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First-Time Home Buyers: What You Need to Know about Your Home Loan

By Guest Author | April 12, 2016

Sweet anticipation that gets more intense as each second goes by and first-time homeownership grows near is natural but must be mixed with healthy fear. Beside immense emotional rewards, most homes provide a buyer with the most valuable asset but also require biggest financial investment of an entire lifetime. Those very same reasons make it vital to gain full value from every home loan cent spent or lent.


Plan Smart for Head Start

Ready and willing don’t make homebuyers able because the last trait is cultivated by persistent effort to exhibit consistent financial responsibility. That means leaving below your means to save regularly and repay debts promptly. Aim for a 10-percent down payment and credit score of 650 or more to obtain best interest rate and terms.

Not All Home Loans are Alike

Multiple buyers may gain approval the same day by one lender of home loans but obtain identical sums on totally different terms. That’s true because no two applicant profiles are identical but comprised of each individual’s unique traits. Perceived risk holds most directly opposed sway on interest rate and loan cost, since higher risks dictate more per-loan profit to offset borrowers’ group default rate.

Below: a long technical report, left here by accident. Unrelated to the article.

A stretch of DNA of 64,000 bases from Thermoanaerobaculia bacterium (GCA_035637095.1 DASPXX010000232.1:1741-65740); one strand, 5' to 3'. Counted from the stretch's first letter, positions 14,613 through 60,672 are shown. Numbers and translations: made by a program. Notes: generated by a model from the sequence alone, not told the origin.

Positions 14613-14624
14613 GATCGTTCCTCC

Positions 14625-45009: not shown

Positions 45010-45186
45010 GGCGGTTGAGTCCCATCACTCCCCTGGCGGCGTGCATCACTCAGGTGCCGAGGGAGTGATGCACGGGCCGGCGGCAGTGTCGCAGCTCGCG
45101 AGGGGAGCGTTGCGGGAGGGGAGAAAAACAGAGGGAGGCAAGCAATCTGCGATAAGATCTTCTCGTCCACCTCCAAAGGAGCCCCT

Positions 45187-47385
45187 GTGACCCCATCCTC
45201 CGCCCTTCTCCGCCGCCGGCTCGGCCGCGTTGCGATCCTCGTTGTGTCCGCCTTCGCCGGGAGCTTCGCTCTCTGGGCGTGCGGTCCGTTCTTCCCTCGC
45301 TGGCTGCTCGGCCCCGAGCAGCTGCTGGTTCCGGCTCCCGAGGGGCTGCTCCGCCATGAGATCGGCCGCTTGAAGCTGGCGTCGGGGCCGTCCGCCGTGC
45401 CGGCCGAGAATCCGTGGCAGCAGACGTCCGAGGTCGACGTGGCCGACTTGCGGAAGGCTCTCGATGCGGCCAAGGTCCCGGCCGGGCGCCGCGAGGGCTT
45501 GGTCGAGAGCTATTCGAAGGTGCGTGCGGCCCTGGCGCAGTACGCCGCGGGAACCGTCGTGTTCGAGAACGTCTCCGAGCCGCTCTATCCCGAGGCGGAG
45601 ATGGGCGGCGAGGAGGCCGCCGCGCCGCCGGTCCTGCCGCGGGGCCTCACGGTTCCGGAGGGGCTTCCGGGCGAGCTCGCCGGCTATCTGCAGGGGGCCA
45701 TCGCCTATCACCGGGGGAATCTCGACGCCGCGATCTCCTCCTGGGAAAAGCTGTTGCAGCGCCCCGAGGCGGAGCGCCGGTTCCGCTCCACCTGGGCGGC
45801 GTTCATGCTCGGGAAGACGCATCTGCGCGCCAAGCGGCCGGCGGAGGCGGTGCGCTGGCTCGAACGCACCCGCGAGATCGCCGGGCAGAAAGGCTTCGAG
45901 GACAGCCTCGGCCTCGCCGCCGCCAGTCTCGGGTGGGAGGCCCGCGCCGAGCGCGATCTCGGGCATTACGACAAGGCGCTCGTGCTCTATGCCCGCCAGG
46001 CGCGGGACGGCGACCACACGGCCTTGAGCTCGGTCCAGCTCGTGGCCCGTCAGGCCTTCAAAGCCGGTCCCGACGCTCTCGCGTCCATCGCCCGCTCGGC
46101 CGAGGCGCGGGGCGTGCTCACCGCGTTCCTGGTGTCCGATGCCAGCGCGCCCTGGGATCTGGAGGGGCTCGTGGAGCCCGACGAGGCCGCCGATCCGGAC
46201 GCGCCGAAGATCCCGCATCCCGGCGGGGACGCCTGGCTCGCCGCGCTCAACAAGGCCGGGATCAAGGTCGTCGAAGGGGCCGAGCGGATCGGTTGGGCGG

Common subprime loan offsets are higher interest, fees and down payments. Combined impacts can put buying on hold for an indefinite time, so know the ropes to avoid cold home loan TKO.

Home Loan Down Payment Lowdown

Logical deduction alone moots any discussion or rational doubt that down payment is single most vital point to note about home loans. Lack of liquid capital can’t seed new growth to feed a full harvest to reap. So, prep well in advance by going to an ideal growing field with greatest chance to gain full leverage for highest yield on limited planting stock. VA loans let a U.S. military vet or active-duty member get into a home for 0 down and typical FHA borrower puts just five percent of total sales price down at the closing table.

Uncle Sam runs these generous programs just to help folks like U.S. citizens who need a hand up from transient renters to happy land holders. If buyers default in either case, lenders face much less risk with loss protection guaranteed by the federal government. But conventional loans made on borrower strength alone require higher down payments up to 20 percent and private mortgage insurance premiums equal to some fractional percentage of monthly installments.

Some mortgage financiers are sticklers about down payment source that must come entirely or mostly from borrower funds. But many lenders care less and gladly accept gift letters from parents, friends or perfect strangers. Finally, be prepared for larger subprime loan down payment.

Fixed vs. Variable Interest Rate

As respective prefixes indicate, a fixed rate of interest remains the same from start to finish, while variable rates may fluctuate widely during full life of a loan. Variable-rate interest may be adjusted based on a verifiable index like T-Bill annual yield that varies by general economic and financial market conditions. But initial lower interest level can be a big tradeoff gained by unknown change in variable percentage rate. Most variable-rate mortgage contracts also stipulate a ‘ceiling’ figure to express the highest possible adjustment in the starting percentage level. Thus, all things considered, a variable rate is viable if you plan to move or refit two to three years after closing date. Be ready for higher interest of either kind for subprime loans.